Is this correct -

The car costs a staggering 2.5 million.

I'm confused about the use of the indefinite article.

3 Answers 3


I think that the discussion will involve a tangent about word order for adjectives. English has a customary word order for adjectives, discussed elsewhere on the Stack Exchange. All we need to say here is that idiom can require a certain order for adjectives, depending on what one is trying to say.

I believe that all of the following numbered sentences are correct grammatically, and native speakers of English would generally understand them as I explain them. Let’s compare:

  1. The party included four horrifying people.
  2. The party included a horrifying four people.

Sentence 1 means that however many people were at the party, four of them were horrifying: they were racists, or they smelled bad, or something of that nature.

Sentence 2 means that the total number of people at the party was four, and that is a horrifying number. It does not comment on the guests themselves; the guests may have been perfectly nice, for all we know.

It seems to me that idiomatically, the construction you’re asking about is the way we express a judgment about an amount. As a matter of idiom (rather than clear logic) we express that judgment by leaving the description of quantity next to the noun, and putting the judgment in front with an article.

  1. The concert lasted for 25 disappointing minutes.
  2. The concert lasted for a disappointing 25 minutes.

Sentence 3 means that each minute of those 25 minutes was disappointing. The music proceeded for one minute, and the audience thought “That was lousy.” Then it proceeded for a second minute, and the audience thought “That was lousy too.”

Sentence 4 does not mean that. The word “disappointing” does not describe the minutes. It describes the idea of 25 minutes. Each minute may have been great, with the audience hoping for two more hours. But then it ended, and the audience said “Hey, that was only 25 minutes!”

They were 25 great minutes, but still a disappointing 25 minutes.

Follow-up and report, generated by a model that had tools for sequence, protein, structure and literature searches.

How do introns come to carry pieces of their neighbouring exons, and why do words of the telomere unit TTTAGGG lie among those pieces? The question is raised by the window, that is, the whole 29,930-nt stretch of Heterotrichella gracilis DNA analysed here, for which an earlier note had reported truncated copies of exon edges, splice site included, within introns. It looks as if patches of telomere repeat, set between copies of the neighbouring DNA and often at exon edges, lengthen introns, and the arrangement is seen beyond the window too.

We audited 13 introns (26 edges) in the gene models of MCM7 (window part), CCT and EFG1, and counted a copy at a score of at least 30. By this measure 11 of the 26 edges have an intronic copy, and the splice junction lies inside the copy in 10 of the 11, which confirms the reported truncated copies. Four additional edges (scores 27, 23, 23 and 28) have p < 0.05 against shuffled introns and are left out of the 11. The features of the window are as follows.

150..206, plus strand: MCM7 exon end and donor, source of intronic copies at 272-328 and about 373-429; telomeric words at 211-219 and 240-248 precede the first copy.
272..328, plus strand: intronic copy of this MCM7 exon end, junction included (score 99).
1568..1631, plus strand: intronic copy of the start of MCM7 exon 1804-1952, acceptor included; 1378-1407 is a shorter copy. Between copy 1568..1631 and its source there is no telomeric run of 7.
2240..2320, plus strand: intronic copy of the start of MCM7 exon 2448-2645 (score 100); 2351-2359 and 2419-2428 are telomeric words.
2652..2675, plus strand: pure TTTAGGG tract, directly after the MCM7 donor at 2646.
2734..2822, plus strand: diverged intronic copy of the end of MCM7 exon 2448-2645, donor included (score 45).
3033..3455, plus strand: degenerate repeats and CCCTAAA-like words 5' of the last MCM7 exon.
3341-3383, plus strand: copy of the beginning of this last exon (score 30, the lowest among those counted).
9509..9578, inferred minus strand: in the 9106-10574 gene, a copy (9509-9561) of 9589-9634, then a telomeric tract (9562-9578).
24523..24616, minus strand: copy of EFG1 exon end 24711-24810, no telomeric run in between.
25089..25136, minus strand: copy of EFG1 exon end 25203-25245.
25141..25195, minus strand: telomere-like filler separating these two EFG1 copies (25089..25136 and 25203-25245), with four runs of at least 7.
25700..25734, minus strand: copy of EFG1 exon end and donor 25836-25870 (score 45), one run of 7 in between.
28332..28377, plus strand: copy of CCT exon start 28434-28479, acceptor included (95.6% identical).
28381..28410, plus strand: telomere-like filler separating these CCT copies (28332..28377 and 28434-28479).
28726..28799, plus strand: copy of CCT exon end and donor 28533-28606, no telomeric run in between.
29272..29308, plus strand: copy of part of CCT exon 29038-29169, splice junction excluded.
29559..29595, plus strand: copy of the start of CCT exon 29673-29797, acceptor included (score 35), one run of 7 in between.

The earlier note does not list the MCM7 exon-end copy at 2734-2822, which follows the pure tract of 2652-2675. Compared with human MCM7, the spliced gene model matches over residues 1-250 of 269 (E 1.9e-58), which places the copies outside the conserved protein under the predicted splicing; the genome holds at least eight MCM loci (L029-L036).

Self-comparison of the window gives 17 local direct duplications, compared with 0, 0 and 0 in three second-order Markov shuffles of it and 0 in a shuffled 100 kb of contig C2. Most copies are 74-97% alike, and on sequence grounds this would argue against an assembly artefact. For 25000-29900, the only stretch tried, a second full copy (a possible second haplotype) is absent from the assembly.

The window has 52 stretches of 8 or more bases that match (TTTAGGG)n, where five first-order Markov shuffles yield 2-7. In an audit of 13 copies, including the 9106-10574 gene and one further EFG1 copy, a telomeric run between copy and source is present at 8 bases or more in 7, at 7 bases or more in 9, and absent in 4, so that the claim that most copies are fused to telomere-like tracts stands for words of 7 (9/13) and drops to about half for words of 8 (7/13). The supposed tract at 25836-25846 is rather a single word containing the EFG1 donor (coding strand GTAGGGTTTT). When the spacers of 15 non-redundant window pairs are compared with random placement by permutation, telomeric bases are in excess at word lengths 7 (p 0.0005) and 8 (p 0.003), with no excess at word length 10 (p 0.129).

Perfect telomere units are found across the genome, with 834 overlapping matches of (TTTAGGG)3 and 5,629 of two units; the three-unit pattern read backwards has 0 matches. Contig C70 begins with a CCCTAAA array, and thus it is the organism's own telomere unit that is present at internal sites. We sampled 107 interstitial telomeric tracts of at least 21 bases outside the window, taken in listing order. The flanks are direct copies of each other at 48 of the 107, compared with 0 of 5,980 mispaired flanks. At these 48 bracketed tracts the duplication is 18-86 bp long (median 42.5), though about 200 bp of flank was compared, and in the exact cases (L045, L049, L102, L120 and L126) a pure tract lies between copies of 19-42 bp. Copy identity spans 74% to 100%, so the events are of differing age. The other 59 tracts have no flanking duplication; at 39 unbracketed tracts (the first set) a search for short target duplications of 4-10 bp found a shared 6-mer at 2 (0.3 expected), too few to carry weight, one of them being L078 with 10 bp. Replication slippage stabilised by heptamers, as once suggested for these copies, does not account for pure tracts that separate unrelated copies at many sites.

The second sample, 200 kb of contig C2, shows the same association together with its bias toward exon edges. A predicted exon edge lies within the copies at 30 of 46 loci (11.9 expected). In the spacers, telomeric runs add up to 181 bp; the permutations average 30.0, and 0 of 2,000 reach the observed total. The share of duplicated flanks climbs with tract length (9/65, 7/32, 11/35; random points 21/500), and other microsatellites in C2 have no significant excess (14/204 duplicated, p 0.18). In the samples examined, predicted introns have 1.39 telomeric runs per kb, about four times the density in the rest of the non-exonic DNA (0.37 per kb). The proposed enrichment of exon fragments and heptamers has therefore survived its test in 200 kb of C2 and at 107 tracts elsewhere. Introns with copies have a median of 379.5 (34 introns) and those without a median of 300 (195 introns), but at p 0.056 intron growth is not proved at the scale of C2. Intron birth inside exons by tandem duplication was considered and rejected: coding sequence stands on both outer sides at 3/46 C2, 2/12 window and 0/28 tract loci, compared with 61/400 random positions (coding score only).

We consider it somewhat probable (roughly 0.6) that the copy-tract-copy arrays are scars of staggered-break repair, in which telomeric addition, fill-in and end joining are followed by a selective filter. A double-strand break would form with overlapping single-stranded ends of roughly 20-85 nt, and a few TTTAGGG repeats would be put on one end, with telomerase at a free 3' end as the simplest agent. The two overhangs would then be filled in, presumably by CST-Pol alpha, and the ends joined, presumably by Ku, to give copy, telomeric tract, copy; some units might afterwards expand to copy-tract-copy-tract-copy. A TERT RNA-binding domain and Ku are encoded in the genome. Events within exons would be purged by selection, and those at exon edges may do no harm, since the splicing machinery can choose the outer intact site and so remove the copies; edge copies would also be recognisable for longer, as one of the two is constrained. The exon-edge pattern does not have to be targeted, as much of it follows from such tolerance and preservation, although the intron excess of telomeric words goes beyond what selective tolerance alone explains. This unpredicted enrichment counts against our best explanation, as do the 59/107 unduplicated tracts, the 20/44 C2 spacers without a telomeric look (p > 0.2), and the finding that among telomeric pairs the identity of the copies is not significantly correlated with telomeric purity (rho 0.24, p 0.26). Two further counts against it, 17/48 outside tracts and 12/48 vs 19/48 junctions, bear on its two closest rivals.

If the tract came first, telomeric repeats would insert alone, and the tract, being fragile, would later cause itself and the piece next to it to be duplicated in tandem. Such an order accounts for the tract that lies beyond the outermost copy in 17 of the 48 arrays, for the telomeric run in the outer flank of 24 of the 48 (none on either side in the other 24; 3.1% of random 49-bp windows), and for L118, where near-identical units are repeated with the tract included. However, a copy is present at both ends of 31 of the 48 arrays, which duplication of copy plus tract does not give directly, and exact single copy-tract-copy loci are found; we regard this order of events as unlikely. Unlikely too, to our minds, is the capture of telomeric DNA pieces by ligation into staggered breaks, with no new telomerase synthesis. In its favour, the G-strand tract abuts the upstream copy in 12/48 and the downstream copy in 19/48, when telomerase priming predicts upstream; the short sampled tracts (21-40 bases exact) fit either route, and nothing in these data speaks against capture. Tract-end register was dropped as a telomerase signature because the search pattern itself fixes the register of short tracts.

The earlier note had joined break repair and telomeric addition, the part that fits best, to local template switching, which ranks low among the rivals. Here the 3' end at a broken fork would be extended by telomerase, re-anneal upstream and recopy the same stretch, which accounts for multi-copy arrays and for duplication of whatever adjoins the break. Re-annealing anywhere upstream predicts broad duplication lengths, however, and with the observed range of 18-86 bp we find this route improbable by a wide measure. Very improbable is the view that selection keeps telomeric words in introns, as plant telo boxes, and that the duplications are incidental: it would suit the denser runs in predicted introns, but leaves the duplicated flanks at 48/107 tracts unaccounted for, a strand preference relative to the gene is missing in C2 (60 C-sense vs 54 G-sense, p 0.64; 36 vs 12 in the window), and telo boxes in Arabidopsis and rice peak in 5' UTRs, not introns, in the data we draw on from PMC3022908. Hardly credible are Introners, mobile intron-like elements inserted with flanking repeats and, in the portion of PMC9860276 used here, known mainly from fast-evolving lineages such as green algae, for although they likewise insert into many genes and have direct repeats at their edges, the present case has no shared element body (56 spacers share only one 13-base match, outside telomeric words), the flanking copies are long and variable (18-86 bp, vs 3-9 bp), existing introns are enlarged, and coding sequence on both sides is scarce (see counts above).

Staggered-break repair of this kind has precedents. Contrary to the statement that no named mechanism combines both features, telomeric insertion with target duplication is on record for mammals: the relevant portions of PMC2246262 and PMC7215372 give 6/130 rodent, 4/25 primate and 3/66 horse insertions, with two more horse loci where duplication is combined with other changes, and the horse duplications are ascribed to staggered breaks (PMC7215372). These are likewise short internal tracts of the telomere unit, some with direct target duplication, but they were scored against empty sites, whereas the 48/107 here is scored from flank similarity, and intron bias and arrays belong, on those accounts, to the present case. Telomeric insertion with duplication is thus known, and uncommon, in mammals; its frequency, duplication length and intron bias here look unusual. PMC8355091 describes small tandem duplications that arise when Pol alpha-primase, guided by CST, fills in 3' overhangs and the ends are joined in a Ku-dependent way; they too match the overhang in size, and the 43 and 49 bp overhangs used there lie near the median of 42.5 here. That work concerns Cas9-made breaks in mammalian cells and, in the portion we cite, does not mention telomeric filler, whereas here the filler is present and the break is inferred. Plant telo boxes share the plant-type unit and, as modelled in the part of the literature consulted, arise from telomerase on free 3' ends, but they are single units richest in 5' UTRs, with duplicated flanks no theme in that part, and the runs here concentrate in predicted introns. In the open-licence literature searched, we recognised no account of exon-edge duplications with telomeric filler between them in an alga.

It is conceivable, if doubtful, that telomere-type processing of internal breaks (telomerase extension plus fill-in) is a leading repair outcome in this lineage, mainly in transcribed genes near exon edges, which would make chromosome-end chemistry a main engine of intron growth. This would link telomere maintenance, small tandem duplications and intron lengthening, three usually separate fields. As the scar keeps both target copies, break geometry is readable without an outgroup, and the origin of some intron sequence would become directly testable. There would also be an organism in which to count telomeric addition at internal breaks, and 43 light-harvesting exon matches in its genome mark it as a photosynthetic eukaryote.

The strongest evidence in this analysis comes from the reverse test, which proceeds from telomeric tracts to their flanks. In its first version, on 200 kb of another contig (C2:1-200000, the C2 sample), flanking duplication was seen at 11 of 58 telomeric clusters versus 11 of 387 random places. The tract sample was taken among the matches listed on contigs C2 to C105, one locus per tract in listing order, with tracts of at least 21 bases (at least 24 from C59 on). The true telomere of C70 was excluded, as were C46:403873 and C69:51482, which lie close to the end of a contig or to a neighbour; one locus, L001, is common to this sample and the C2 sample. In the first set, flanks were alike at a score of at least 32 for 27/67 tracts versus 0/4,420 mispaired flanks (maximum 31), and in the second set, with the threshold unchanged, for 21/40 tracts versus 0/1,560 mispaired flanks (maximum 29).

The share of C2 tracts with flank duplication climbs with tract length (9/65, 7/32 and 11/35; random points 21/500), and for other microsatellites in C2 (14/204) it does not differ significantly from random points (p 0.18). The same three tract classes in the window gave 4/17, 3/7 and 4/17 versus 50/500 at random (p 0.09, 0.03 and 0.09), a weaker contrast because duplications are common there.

So, to bring it home:

  1. The car costs 2.5 million staggering dollars.
  2. The car costs a staggering 2.5 million dollars.

Sentence 5 means that each dollar was staggering. The buyer plunked down the first dollar, and the seller said "Whoah! That one's green. Where'd you get that?" The buyer plunked down the second one: "Oh man, that one's green too!" And so on, 2,499,998 more times. That would be grammatical, but it might not be what's intended here.

Sentence 6 means that the amount is what's staggering, not (perhaps) each dollar considered separately.

  • This was a great answer with a score of 1. Scores are even less meaningful on E.L.L. than on the rest of the Stack Exchange.
    – Chaim
    Commented Nov 10, 2020 at 23:05

"The car costs a staggering 2.5 million" is correct. See below a similar example sentence from the Cambridge Dictionary describing the word 'staggering'.


adjective UK ​ /ˈstæɡ.ər.ɪŋ/ us ​ /ˈstæɡ.ɚ.ɪŋ/

very shocking and surprising:

It costs a staggering $50,000 per week to keep the museum open to the public.

There should be an article or determiner before an adjective + noun construction.


It is an expensive car. NOT It is expensive car.

The car costs a large amount. NOT The car costs large amount.

  • 1
    The car costs a big amount is not idiomatic. Commented Feb 9, 2017 at 13:06
  • 1
    @Clare, Would you explain? Commented Feb 9, 2017 at 14:30
  • 1
    See books.google.com/ngrams/… Commented Feb 9, 2017 at 21:32
  • 1
    But I think that the original point was that her example would require no article if not for the adjective ("The car costs $2.5 million," not "The car costs a $2.5 million") while your example requires an article in any case ("The car costs a large amount" or "The car costs an amount," but not "The car costs large amount" or "The car costs amount.")
    – Chaim
    Commented Nov 21, 2017 at 15:37
  • It doesn't seem right to say that "there should be an article… before an adjective + noun construction." Are these wrong? He likes blue shirts; I eat spicy food.
    – Chaim
    Commented Nov 21, 2017 at 15:43

The X means the speaker is expecting the listener to know which specific X he/she is talking about, either from previous conversation, context, or shared experience/common knowledge.

It can also be used if the speaker is about to explain or qualify which specific X is important.

The car costs a staggering 2.5 million.

Is there a pile of 2.5 million dollars that you and the speaker were just talking about? If not, then the indefinite article is used.

Extremely contrived conversation that I hope illustrates:

A: What do you have in the suitcase there, friend?

B: A bunch of money that totals 2.5 million dollars. (A and B weren't talking about any "bunch of money" before - a is used.)

A: I see.

B: I would like to buy that car over there.

A: It will cost the 2.5 million dollars that you have there. (Talking about the "2.5 million dollars" B mentioned earlier - the is used.)

B: Perfect.

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